This will probably be my least popular post ever, but the explanation needs to get out there for why Robinhood stopped trading on GME.
Selling a stock short is NOT illegal. It is a perfectly valid type of investment according to the SEC:
“D. Are short sales legal?
Although the vast majority of short sales are legal, abusive short sale practices are illegal. For example, it is prohibited for any person to engage in a series of transactions in order to create actual or apparent active trading in a security or to depress the price of a security for the purpose of inducing the purchase or sale of the security by others. Thus, short sales effected to manipulate the price of a stock are prohibited.”
Basically – you can’t short sell a stock to manipulate the price down so you can buy a lot more of it later. If you believe a stock is overpriced and short sell it, that is legal. That is exactly what tons of retail traders and hedge funds do every day, including on Gamestop.
On the other hand, manipulating a stock price upwards to cause a short squeeze IS illegal according to the same SEC article:
“Although some short squeezes may occur naturally in the market, a scheme to manipulate the price or availability of stock in order to cause a short squeeze is illegal.”
Unprecedented numbers of people on Reddit, Twitter, and elsewhere collaborated to intentionally create a short squeeze on GME in the last week. No one talked about a fundamental case why Gamestop the company was worth a lot of money and would be successful in the future; instead everyone made the argument that due to a very high short interest of 100%+, that a short squeeze would send the price “to the moon”. That is illegal according to the SEC.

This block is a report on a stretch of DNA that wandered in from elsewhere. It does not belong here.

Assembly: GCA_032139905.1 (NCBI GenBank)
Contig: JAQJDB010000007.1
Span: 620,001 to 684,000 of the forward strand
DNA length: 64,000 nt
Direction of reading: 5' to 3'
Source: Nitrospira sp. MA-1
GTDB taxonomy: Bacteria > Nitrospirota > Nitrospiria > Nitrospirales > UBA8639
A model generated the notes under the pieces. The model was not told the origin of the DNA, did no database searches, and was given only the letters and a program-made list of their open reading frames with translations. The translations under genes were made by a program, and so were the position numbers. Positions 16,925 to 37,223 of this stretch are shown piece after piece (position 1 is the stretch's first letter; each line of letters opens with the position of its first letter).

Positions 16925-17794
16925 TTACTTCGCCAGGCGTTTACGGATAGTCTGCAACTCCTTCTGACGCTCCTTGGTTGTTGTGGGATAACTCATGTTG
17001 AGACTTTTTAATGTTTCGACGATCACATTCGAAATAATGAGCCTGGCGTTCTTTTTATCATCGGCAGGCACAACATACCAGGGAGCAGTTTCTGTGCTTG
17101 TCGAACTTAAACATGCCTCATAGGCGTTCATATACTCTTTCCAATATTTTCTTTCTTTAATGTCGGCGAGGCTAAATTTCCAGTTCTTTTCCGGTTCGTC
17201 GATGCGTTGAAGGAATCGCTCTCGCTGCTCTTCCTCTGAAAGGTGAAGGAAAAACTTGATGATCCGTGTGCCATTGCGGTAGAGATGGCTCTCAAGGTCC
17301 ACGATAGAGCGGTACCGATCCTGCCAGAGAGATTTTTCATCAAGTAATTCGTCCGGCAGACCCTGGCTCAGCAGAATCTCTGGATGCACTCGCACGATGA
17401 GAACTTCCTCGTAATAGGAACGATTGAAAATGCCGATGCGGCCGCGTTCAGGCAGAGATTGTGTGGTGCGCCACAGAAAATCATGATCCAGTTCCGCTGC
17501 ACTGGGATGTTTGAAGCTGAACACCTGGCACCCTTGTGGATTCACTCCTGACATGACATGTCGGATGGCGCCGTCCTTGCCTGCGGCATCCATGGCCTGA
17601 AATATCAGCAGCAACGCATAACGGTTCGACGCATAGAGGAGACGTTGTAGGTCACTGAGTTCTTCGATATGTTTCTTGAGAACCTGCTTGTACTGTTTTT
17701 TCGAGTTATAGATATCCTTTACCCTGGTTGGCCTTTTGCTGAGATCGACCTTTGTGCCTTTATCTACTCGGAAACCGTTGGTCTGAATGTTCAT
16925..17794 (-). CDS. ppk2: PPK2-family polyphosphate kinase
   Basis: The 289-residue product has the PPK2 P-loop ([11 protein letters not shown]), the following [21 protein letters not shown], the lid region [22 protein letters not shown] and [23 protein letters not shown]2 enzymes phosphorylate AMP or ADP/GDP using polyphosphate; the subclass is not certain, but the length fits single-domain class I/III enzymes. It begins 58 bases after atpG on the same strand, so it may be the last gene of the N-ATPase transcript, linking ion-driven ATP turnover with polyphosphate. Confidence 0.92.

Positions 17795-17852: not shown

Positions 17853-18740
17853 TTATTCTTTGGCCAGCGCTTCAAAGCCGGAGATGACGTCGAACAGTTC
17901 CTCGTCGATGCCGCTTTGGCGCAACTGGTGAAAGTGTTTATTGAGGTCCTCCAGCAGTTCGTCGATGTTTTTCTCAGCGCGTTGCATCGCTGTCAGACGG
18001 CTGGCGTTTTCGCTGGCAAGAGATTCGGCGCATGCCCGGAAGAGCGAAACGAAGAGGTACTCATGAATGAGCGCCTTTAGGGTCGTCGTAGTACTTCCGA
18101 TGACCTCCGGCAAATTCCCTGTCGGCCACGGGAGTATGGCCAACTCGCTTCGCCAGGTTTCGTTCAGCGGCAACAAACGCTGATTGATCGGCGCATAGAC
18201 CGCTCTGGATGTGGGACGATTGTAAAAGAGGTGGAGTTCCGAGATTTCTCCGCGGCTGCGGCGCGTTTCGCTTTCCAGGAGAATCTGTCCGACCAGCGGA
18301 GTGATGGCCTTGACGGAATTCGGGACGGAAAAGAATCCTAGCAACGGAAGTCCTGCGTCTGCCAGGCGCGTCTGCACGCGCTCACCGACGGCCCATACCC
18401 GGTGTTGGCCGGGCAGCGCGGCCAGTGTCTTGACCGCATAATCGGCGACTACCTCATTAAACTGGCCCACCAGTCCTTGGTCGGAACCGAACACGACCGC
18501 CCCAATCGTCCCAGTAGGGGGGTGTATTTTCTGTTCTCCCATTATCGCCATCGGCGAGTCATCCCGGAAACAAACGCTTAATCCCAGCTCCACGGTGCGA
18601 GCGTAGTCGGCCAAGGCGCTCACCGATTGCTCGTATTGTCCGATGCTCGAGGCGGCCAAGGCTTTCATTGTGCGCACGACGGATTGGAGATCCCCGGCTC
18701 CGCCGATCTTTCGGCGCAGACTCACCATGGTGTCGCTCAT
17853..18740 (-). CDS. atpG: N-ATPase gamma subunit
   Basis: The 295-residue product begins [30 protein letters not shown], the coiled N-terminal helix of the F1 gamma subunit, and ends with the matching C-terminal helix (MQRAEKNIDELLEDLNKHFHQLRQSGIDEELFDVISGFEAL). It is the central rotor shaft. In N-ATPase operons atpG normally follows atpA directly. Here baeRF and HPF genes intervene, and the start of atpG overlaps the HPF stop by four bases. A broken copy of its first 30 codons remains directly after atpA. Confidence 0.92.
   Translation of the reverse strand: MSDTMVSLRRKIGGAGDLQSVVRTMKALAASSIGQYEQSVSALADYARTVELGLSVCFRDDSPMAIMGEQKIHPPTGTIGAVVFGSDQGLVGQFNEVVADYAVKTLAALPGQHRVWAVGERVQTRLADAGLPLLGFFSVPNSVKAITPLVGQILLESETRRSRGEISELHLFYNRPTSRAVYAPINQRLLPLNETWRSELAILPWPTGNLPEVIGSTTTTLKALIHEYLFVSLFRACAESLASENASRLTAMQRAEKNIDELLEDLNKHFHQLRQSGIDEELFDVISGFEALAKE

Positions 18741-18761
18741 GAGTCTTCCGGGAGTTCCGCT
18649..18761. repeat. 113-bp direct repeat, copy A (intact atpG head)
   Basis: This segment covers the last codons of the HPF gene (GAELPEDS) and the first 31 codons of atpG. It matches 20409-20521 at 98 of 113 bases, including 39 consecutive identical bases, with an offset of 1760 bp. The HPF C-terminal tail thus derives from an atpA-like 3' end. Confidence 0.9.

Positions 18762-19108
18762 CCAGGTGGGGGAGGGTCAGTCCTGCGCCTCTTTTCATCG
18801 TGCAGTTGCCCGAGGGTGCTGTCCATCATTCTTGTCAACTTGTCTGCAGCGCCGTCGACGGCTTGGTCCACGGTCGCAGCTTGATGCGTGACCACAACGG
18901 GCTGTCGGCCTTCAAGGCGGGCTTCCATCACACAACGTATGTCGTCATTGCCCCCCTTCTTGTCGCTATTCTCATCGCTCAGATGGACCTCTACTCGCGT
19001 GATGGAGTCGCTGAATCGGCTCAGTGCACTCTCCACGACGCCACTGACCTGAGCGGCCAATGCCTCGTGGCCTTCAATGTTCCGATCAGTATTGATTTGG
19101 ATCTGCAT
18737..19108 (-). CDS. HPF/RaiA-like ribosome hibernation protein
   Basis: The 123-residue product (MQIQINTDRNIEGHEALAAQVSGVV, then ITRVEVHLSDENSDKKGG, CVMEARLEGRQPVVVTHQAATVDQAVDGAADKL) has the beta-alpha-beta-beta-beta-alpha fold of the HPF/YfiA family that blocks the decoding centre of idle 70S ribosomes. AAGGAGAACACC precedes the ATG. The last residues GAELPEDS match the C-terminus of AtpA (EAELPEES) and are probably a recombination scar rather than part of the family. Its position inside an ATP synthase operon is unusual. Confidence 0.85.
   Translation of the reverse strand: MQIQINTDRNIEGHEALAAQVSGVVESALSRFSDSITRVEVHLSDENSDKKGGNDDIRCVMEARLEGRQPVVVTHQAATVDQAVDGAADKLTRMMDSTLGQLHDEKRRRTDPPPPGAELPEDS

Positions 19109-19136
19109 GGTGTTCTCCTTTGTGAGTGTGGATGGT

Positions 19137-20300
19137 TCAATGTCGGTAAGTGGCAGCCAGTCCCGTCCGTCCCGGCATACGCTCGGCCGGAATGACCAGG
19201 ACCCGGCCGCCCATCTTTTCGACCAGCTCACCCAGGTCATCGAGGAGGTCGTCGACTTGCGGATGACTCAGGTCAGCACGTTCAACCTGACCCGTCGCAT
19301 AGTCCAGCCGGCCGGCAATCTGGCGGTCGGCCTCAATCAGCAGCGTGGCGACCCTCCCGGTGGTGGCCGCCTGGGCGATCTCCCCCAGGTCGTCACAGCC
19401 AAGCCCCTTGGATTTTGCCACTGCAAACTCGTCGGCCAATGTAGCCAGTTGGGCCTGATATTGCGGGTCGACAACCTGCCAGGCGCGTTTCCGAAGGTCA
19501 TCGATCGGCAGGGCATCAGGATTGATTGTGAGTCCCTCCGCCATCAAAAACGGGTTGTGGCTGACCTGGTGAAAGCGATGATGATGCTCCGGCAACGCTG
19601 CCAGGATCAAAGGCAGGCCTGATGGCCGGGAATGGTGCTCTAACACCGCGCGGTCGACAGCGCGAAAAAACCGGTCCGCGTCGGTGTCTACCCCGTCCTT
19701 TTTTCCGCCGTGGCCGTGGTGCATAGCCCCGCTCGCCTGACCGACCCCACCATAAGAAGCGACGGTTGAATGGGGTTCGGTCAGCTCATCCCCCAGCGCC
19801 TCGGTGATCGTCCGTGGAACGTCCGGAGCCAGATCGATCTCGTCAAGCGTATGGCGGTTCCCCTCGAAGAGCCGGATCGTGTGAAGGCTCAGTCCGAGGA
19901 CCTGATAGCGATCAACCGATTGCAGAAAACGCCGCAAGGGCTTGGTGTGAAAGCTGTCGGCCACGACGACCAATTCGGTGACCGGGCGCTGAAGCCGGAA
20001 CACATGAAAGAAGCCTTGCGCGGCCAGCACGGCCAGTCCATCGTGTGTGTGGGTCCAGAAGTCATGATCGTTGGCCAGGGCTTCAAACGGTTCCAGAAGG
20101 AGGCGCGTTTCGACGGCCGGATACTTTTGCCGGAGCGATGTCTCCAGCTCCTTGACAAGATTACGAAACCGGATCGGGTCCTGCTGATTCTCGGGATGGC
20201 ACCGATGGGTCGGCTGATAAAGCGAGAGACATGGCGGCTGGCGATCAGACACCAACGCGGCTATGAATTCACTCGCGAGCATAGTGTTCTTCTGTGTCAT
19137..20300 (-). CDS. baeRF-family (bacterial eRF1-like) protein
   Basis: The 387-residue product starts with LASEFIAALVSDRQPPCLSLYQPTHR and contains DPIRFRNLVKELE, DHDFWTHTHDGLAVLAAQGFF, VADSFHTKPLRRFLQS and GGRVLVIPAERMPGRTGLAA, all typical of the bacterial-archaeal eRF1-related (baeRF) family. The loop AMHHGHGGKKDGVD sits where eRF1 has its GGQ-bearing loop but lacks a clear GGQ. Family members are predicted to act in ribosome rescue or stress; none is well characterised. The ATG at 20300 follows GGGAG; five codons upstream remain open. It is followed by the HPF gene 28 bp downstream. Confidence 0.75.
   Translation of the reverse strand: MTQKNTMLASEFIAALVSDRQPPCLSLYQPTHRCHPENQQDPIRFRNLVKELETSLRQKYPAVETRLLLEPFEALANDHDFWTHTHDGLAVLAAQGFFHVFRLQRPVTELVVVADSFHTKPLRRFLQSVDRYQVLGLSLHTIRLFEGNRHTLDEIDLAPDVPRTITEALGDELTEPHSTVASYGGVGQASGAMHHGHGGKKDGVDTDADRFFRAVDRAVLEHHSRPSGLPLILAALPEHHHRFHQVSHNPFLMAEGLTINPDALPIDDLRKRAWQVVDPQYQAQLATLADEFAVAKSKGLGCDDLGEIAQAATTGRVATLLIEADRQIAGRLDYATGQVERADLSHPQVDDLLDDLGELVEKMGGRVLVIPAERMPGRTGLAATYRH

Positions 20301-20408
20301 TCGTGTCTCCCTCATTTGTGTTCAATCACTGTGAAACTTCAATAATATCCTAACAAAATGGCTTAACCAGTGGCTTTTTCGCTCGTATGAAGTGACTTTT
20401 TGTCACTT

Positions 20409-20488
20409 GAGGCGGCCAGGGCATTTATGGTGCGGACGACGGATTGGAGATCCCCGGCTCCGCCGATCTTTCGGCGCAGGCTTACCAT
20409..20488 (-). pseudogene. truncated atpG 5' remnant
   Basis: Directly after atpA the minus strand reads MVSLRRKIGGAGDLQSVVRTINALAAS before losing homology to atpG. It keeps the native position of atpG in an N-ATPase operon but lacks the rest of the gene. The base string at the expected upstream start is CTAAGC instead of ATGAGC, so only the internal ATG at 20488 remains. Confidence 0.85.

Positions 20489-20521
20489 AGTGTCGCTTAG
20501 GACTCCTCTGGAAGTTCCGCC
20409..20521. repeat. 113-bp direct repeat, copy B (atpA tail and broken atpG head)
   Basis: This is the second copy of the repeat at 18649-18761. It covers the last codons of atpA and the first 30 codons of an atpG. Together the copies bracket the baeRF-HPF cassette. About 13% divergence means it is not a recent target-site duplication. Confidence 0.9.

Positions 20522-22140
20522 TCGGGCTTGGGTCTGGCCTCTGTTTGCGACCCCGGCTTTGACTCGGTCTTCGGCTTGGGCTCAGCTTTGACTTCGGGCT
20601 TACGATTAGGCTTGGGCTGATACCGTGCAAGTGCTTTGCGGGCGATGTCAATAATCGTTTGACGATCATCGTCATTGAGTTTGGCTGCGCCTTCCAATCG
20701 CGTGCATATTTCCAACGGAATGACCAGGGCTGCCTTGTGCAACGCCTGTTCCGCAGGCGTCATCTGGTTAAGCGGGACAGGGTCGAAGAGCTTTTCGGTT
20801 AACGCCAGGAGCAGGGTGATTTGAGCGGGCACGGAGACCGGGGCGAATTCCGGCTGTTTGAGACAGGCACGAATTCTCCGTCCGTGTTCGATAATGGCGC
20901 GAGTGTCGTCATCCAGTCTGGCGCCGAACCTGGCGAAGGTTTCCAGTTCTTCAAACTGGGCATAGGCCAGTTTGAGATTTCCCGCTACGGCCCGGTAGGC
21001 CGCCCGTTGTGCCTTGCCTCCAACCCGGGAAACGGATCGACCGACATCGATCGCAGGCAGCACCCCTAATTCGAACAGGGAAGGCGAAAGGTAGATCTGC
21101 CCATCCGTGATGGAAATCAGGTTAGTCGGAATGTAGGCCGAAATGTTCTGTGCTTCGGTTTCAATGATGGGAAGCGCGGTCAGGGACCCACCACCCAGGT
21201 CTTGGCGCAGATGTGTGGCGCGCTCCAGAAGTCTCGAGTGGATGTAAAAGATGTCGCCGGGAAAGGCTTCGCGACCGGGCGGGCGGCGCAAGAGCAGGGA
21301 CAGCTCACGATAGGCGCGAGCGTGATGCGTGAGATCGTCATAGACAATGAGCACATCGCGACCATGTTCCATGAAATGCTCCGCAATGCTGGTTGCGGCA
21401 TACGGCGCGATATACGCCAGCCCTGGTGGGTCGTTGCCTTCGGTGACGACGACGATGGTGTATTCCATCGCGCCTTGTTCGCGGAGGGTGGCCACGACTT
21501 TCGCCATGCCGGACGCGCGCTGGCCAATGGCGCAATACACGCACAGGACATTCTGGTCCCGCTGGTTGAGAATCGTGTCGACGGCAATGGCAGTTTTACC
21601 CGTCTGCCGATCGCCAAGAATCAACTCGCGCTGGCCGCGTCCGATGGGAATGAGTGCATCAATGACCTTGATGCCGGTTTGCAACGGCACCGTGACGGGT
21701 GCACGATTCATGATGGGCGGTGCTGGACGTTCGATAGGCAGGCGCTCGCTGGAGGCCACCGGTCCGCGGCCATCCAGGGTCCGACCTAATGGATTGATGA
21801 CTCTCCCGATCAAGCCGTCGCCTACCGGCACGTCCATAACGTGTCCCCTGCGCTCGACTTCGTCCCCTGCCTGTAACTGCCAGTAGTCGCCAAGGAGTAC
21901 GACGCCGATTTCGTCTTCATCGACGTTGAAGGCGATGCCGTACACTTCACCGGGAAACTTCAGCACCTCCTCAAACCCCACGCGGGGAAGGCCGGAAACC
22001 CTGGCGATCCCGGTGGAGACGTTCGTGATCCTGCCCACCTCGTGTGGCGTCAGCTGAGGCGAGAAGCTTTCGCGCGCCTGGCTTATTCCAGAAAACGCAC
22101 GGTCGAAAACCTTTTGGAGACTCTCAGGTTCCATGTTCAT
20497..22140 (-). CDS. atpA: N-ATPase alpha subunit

Multiple brokerages, especially Robinhood, probably had their attorneys tell them that “Hey, you are aiding and abetting illegal activity by enabling a short squeeze and could be liable criminally or civilly if you continue to allow this blatant illegal activity on your platform”. So they decided to stop it by only allowing people to close their positions rather than open new ones in support of the short squeeze.
Another strong reason is that if the short squeeze caused the GME stock to go to 5000 in a sudden leap, tons of traders (both retail and professional) could instantly go broke, and then the brokerage (Robinhood) would be left holding the bag. For example, picture a retail investor with a Robinhood account had sold call options in the amount of $100,000 and their account was worth $200,000. If the price gapped from 300 to 5000 and those options were exercised, that trader could have a loss of $10,000,000. He would lose the value of his account, $200,000… but the brokerage would have to make up the rest of the settlement and take a loss of $9,800,000. Now multiply that by thousands of accounts…. no brokerage wants to take the risk of being bankrupted, so they shut it down.
The two strong reasons Robinhood and other brokers stopped trading was to prevent legal liability from enabling illegal activity on their platform, and for wanting to avoid potentially massive banktuptcy from traders unable to cover their losses.